He was principal and owner of St. Bernard's Hostel, of which he may have been the founder.
Career in the churchEdit
Before 1439 he was presented by Corpus Christi College to the vicarage of St Botolph's Church, Cambridge, of which, on the restoration of the great tithes, he became rector 21 October 1444. He resigned the rectory in 1470. Subsequently he was made one of the canons or prebendaries of the royal chapel of St Stephen's, Westminster, a preferment he exchanged in 1479 with Dr Walter Oudeby for the provostship of the collegiate church of Cotterstock, near Oundle. In July 1467 Dokett was collated to the prebend of Ryton in Lichfield Cathedral, which he exchanged for the chancellorship of Lichfield in 1470, an office which he resigned 6 July 1476.
The major work of Dokett's life was the foundation of the college. By prudent administration and adroitness in securing the patronage of the sovereigns, he developed it from small beginnings into a well-endowed society, Queens' College, Cambridge. The foundation of King's College by Henry VI took place in 1440. In December 1446 Dokett obtained a royal charter for a college, to consist of a president and four fellows. Eight months later, Dokett having in the meanwhile obtained a better site for his proposed buildings, this charter was cancelled at his own request, and a second issued by the king 21 August 1447, authorising the refoundation of the college on the new site, under the name of ‘the College of St. Bernard of Cambridge.’ Dokett secured the protection of the young Queen Margaret of Anjou for his college, which was refounded by her as ‘the Queen's College of St. Margaret and St. Bernard.’ Henry VI granted £200 to it, and the names of some of the Queen's court appear on the roll of benefactors.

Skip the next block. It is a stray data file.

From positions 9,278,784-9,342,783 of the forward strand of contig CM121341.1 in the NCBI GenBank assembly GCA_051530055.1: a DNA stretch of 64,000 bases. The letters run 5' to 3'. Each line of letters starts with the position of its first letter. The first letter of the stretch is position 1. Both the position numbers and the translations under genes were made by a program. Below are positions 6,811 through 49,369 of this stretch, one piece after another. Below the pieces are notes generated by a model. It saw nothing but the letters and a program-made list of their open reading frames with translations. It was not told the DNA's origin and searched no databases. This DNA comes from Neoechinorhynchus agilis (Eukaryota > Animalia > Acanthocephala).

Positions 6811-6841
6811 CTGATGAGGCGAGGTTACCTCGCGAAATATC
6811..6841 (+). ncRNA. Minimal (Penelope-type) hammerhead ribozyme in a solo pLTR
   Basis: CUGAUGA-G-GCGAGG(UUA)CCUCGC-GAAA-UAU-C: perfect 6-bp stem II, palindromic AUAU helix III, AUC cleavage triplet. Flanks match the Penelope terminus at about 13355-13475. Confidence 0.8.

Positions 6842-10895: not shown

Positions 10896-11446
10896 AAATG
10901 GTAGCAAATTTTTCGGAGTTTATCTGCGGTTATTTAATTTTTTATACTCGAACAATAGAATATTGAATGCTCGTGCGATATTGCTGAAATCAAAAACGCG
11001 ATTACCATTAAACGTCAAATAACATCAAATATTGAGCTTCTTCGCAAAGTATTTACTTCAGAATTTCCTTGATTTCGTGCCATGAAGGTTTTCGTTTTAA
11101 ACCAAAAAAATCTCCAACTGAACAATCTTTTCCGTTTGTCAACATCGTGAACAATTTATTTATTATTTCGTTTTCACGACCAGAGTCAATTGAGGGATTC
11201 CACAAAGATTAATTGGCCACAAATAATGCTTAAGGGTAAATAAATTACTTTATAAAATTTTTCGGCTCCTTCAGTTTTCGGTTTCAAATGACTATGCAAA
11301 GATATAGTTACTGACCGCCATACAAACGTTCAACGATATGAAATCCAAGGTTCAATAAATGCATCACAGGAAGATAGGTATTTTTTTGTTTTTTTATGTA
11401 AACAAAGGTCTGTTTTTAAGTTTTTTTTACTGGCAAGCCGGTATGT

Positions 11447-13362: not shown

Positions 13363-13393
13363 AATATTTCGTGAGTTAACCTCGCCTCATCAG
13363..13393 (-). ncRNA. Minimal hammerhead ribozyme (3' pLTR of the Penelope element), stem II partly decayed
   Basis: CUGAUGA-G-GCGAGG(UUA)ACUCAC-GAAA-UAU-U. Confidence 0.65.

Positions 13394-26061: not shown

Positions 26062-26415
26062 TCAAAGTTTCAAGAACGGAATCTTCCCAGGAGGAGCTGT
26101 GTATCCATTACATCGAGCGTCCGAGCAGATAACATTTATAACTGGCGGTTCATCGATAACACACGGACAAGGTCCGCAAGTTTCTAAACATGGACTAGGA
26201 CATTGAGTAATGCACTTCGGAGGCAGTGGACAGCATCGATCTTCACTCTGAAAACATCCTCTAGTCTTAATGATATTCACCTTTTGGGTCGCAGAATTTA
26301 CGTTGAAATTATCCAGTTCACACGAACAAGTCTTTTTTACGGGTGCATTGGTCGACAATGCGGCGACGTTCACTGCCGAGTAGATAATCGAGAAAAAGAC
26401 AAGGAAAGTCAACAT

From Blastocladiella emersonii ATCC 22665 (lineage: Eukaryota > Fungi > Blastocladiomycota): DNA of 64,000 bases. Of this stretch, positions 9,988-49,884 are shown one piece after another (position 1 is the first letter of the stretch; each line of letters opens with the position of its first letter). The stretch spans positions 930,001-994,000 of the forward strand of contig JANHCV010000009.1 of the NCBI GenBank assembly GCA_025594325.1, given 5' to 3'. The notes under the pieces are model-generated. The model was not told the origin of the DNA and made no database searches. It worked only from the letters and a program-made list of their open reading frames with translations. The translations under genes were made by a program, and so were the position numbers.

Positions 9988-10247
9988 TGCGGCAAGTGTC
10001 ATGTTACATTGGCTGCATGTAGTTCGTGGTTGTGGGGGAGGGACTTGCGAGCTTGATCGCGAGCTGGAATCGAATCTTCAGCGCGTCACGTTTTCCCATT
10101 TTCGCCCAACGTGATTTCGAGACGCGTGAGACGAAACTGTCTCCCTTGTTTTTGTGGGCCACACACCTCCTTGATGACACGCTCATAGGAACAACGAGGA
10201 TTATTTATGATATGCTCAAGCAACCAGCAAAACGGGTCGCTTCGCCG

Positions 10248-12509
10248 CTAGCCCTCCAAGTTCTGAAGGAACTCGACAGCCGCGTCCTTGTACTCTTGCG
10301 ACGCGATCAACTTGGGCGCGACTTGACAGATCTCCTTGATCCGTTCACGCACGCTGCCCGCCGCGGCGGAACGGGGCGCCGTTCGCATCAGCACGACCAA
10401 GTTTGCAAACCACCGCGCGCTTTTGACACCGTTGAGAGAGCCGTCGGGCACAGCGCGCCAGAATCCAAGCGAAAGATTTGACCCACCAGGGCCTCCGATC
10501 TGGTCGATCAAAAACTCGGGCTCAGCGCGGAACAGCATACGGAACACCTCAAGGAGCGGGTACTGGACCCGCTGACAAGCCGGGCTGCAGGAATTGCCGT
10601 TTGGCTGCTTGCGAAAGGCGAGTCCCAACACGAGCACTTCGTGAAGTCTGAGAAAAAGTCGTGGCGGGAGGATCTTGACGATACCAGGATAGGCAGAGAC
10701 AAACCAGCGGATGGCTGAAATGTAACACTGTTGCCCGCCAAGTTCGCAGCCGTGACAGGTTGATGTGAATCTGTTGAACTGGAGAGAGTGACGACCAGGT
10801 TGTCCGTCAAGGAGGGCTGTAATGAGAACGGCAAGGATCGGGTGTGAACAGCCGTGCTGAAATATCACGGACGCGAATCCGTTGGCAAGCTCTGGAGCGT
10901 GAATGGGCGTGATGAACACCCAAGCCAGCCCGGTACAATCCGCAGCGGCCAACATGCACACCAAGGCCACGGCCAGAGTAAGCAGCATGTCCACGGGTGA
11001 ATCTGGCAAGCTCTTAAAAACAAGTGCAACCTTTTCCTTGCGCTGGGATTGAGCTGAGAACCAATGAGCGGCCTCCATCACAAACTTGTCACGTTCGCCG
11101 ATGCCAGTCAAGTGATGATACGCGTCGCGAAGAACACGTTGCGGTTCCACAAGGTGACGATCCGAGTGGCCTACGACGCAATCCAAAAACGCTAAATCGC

The foundation-stone was laid for the Queen by Sir John Wenlock, her chamberlain, on 15 April 1448, and the quadrangle was approaching completion when the outbreak of the Wars of the Roses put a temporary stop to the undertaking. Later Dokett became a Yorkist, and persuaded the new Queen Elizabeth Woodville to support the college. The prosperity of the college was due to her influence with her husband, and she gave it the first statutes in 1475; the college was henceforth known as ‘Queens' College,’ in the plural.
Dokett also succeeded in ingratiating himself with the King's brother, Richard, and obtained his patronage. As Duke of Gloucester, Richard founded four fellowships, and as King Richard III increased the emoluments of the college by grants of lands belonging (in right of her mother) to his Queen Anne, who had accepted the position of foundress and patroness of this college. These estates were, however, lost to the college on the accession of Henry VII.
The endowments were also augmented by Dokett's offer to place the names of deceased persons on the bede-roll of the college in return for a gift of money.
Death and legacyEdit
Dokett governed his college for 38 years, having lived long enough to see a foundation of four fellows grow into a society of 17. He died 4 November 1484. His will, dated 2 November of that year, was printed by William George Searle in his history of the college. He was buried in the choir of his college chapel, ‘where the lessons are read.’ His gravestone with the matrix of his incised effigy existed in William Cole's time (c. 1777), but has now disappeared.
He made a catalogue of the library of his college, consisting of 299 volumes, in 1472, and also an inventory of the chapel furniture in the same year.
- Also Doket, Dokket or Ducket, Doget or Dogett.